Hoarding is not collection development

Popcorn cookery

Popcorn Cookery
Kusche
1977

I had no idea that popcorn needed its own cookbook. Straight from the 1970s you can make all these cool popcorn snacks. Personally, I was only aware of some basic iterations of popcorn, like regular and kettle corn, but this book introduces grinding popped corn and using it as a filler or as a coating. All worthy ideas, but I keep thinking this is a lot of work.

This isn’t that “awful” in the grand scheme of cookbooks we have had on the site, but it certainly looks old and my particular copy was kind of sad looking. Maybe the cooks out there can give me some insider advice on having a cookbook devoted to popcorn. Is it overkill?

Mary

Classic Cookbooks:

Tuna Chip Casserole or Tomato Cheese Delight?

Sandwiches from Hell

Serving Food Attractively!

 

 

15 Responses to Popcorn cookery

  • I want this book so much. SO MUCH. Firstly because I really like popcorn and would love to do new things with it, and secondly because POPPERPERSON might be the bst new word I’ve heard this year.

  • i’ll put this right next to my cookbook on how to make toast

  • Those popcorn balls…the eyes…

    My God…THEY’RE ALIVE!!!

    Seriously, now, who the hell came up with this thing? Did Orville Redenbacher have a bad acid trip one night?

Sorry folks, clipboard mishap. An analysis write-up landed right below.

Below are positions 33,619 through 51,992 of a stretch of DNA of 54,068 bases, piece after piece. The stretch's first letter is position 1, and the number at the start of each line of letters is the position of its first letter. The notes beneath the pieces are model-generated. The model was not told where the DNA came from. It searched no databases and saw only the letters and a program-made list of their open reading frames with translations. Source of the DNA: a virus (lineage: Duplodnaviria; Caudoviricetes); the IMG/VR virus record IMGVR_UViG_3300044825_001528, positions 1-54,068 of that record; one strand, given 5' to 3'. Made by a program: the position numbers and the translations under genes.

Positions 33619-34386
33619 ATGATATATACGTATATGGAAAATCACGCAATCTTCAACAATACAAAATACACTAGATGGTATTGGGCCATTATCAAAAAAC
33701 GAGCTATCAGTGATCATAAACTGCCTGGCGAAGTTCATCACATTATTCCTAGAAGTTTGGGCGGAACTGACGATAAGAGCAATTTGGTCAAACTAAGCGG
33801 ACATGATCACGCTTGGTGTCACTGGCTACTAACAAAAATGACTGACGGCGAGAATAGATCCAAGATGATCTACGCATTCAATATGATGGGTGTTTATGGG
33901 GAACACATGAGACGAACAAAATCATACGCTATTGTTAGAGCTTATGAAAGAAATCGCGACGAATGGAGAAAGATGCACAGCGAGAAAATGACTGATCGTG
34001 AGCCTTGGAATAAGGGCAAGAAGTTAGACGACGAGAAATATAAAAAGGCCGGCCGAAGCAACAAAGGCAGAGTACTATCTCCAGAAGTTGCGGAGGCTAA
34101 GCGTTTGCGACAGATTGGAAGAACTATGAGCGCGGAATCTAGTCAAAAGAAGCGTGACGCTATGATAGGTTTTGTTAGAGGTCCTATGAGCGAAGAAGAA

• I have a cookbook that is very similar but everything is made with Rice Krispies. Can’t wait until it shows up on this site!

  • Grinding popped corn and using it as a filling or coating sounds like a good idea for gluten-free folks, maybe.

    I think the Christmas tree is quite cute. I think a cookbook devoted to popcorn sounds like a good idea, personally.

  • I just love the science too. I’ve already been wowed by the admonition to keep my corn moist (stop sniggering at the back). I haven’t understood why slightly old popcorn doesn’t pop as well, now I know!

  • Popcorn + Bermuda Triangle must = “I only wanted to see you….bathing in the popcorn rain!”

  • I actually wouldn’t mind having this myself. Is is going to be up for sale once weeded?

  • I love popcorn, but I never knew that the “pop, pop” sound I heard was the way that the corn “expresses gratitude for not being scorched.”

  • I didn’t know that “tastycrunchy” was a word. Then again, I’ve never heard of “popperperson” either, so this book is teaching me all sorts of new things.

  • I eat popcorn because that heavenly aroma sucks me in every time. However, popcorn as filler scares me, because I keep imagining meatloaf with those nasty little husks that get stuck between teeth & gums.

    I suspect this book is a weeder if only because popcorn popping technology has changed radically, since the microwave makes the popperperson virtually redundant.

  • I love the author photo/caption with the plug for his other “bestseller”, because we all know Bermuda Triangle theories are the perfect pairing for popcorn!

    • Actually, it appears that his book was an in-depth study showing that the Bermuda Triangle wasn’t any more mysterious than any other patch of ocean, statistically speaking. And he’s a librarian. I’ve seen him referenced in skeptic circles, but didn’t make the connection until I googled him.

      Neat!

  • My lust for this has not diminished over the weekend. Not one bit.

  • The third picture down, the corny chili pie page, what is that in the top right corner? Is that a glass bowl of popcorn??

    (No, silly! As the caption says, “clockwise from top right: metal bowl of popped popcorn.”)

    Oh! So *that’s* what that is!